Yesterday, I ran into Colin Ake, director of business development for Masten. He told me that Masten already has a new Xaero vehicle being assembled on the shop floor in Mojave that will replace the one lost in a flight accident on Tuesday. The new vehicle already had been in the works.
The Commercial Spaceflight Federation has weighed in on the Masten failure with a look-on-the-bright-side press release titled, “Masten Completes Their Test Objectives; Xaero Not Recovered”.
Today Masten Space Systems conducted a flight test of its unmanned Xaero from the Mojave Air & Space Port to a target altitude of one kilometer to test flight control at high ascent and descent rates. While the vehicle demonstrated better than expected performance through the test, unexpected instability developed during landing and the flight was terminated while the vehicle was well above ground level. The vehicle was destroyed on impact; no one was injured. The cause of the failure is under review, but a throttle valve malfunction is suspected.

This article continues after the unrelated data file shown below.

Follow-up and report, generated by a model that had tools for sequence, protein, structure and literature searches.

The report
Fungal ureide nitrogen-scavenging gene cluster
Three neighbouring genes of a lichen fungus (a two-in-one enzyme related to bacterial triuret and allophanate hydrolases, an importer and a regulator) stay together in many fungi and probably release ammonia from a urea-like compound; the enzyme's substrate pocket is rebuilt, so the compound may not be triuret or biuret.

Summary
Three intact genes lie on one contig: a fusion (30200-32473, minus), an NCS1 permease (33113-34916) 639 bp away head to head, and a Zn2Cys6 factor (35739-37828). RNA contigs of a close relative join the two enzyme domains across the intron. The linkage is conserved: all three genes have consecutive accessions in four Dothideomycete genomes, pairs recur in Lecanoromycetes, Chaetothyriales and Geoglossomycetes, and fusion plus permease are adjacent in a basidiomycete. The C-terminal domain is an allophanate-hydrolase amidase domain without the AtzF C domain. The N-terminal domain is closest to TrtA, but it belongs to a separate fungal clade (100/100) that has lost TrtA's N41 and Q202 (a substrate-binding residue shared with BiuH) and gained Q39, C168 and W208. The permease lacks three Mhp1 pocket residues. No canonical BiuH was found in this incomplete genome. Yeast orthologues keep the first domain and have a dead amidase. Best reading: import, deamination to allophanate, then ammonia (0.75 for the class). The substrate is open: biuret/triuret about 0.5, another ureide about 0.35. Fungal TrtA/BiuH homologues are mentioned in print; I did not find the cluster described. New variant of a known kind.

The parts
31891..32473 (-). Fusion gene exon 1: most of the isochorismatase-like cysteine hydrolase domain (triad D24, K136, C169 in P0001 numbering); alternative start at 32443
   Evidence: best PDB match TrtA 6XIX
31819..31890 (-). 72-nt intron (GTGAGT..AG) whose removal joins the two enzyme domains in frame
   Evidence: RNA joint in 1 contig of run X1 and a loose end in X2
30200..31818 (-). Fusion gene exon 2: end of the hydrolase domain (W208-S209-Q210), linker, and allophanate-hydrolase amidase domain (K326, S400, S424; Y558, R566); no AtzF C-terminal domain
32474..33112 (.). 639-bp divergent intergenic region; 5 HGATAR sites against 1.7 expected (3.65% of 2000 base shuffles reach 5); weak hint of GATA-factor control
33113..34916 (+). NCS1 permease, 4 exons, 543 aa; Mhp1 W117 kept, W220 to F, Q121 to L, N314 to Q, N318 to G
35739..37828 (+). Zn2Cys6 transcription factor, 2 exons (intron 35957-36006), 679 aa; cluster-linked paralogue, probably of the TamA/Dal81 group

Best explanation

CSF President Michael Lopez-Alegria stated, “Despite the loss of Xaero, the Masten team completed virtually all of their test objectives and collected invaluable data from the flight. More importantly, the personnel from Masten and from the Mojave Air & Space Port, as well as the hardware and software in the flight termination system, performed flawlessly. The vehicle impacted within the designated test area and no one was injured or endangered. It is the nature of the flight test business to occasionally experience anomalies; I’m confident that although Masten lost a vehicle, they gained important data that will be put to good use as they continue to develop their designs. I expect to see Masten in the skies again soon.”
I agree with the general sentiment here that accidents are par for the course in this business. And nobody should be beating up Masten for failing.
The way this is written, though. Yes, they achieve virtually all of their test objectives except for the minor little “don’t destroy the vehicle in the process one” one. I’m sure that wasn’t the intent, but this is how is reads.